The Orthodox Church, Judaism, and Islam are the only groups that have legal personality in public law. Other religious groups have legal personality only in private law and cannot own property as religious entities; instead, they must create specific legal entities to hold property on their behalf. On the other hand, the laws that provide property-tax exemptions for religious organisations apply equally to Orthodox and non-Orthodox Churches and monasteries. (Papastathis 2005: 118). Roman Catholic churches and related religious bodies established prior to 1946 are legally recognised as private entities; but Roman Catholic institutions built since 1946 are not extended the same recognition. The Church has been seeking Government recognition of its canon law since 1999, but without success. Moreover,‗non-Orthodox religious groups claimed that taxes on their organizations were discriminatory because the government subsidizes Orthodox Church activities and Orthodox religious instruction in public schools and provides a preferential tax rate for income received from Orthodox Church-owned properties‘. (IRFR 2010: Greece).
The position of the Turkish-speaking Muslim minority in Thrace is protected under the Treaty of Lausanne of 1923. Muslims in Thrace have the right to maintain social and charitable organisations and limited recognition is given to Islamic family law. The Government also pays the salaries of the three official Muslim religious leaders. Muslims resident outside Thrace are not covered by the terms of the Treaty. In 2006 the European Court of Human Rights held that an attempt by the Government to interfere in the appointment of the Mufti of Xanthi had violated Article 9 § 2 ECHR: Agga v Greece (Nos. 3)  ECtHR (Nos. 32186/02 (13 July 2006) & (No. 4)  ECtHR 33331/02 (13 July 2006). For an earlier case on rather similar facts, see Serif v Greece  ECtHR (No. 38178/97) (14 December 1999).
The issue of freedom of religion and human rights for the Muslim minority in Thrace (and for non-Muslim minorities in Turkey) was the subject of Recommendation 1704 adopted by the Parliamentary Assembly of the Council of Europe on 27 January 2010. Paragraph 18 called on the Greek Government to implement a series of measures: on religious matters specifically, these included the full implementation of Law No. 3647 of February 2008 on the legal status of vafks(Muslim foundations), allowing Muslims freely to choose their muftis as religious leaders without judicial powers, full implementation of the judgments of the ECtHR on freedom of religion and of association, and permitting associations to use the adjective “Turkish” in their titles if they so wish.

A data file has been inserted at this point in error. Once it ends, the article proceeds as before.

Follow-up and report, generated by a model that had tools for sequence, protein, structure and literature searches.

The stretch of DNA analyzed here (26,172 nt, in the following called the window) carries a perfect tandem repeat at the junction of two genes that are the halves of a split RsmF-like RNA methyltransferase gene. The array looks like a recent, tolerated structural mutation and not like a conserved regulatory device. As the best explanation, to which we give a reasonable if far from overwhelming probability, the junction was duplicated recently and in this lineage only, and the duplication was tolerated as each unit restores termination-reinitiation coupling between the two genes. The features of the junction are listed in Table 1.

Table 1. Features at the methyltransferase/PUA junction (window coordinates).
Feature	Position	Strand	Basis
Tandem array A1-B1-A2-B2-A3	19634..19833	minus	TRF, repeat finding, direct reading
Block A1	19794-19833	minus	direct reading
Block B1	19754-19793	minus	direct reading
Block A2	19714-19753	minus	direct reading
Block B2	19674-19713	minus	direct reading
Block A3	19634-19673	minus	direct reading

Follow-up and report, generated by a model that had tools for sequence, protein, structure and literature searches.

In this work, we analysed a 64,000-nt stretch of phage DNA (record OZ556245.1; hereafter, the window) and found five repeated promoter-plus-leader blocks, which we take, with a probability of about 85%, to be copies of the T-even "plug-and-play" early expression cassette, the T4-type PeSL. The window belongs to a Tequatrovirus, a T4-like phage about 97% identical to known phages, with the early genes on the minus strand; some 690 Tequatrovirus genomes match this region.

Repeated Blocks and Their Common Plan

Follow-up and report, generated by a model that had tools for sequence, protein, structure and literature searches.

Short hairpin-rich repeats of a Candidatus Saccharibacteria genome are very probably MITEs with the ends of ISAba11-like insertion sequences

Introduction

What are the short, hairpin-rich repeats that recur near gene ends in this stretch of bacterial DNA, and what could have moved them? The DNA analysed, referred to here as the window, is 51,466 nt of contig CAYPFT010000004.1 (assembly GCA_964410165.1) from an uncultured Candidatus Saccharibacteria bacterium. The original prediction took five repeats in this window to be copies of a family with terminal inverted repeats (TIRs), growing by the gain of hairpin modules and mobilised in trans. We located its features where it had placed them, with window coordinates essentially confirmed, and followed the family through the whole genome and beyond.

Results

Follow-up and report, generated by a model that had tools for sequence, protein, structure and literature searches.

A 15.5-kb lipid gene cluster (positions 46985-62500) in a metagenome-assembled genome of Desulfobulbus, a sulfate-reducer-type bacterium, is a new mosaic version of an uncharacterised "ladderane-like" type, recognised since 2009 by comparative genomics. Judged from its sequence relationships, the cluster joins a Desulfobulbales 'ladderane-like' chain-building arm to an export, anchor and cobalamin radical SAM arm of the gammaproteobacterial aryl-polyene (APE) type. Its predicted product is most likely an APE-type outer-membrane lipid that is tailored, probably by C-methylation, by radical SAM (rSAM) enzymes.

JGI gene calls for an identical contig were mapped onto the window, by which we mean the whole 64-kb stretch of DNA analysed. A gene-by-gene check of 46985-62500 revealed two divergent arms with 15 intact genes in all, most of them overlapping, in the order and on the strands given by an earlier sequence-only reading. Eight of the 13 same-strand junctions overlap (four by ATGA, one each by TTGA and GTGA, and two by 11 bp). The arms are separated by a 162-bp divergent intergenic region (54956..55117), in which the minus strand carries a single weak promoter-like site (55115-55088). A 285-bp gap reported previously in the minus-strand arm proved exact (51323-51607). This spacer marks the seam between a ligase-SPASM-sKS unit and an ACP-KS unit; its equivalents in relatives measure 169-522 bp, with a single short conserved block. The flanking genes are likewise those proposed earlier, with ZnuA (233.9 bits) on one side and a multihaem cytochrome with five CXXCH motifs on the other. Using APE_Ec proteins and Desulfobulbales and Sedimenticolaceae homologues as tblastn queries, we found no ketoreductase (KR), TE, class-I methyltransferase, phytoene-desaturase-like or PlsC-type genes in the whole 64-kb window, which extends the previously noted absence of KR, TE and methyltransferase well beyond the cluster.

There have also been disputes over the property of non-Orthodox churches: see Canea Catholic Church v Greece  ECtHR 100 (No. 25528/94) (16 December 1997), affirming the legal personality of the Roman Catholic Church contrary to a ruling of the Court of Cassation – which, if not set aside, would have prevented the Church from taking legal action to protect its land and buildings.
Finally, there have been successful challenges in the ECtHR against the caesaro-papalist tendencies of Greek civil law: see Dimitras & Ors v Greece  ECtHR (Nos. 42837/06, 3269/07, 35793/07 and 6099/08) (3 June 2010) and Alexandridis v Greece  ECtHR (No. 19516/06), in both of which the obligation to reveal one‘s religious convictions in order to make an affirmation rather than taking the oath on the Bible in court was held to violate Article 9 ECHR (thought, conscience and religion).
-  Paragraph 18 also included a long list of recommendations for action by the Turkish Government – but that is outside the scope of the present discussion. ↩
-  Note by EHF: this is Panayote Dimitras who spoke to our conference in Athens in 2008 and founded the Humanist Union of Greece. ↩
This content last updated 30 October 2011 @ 12:34 pm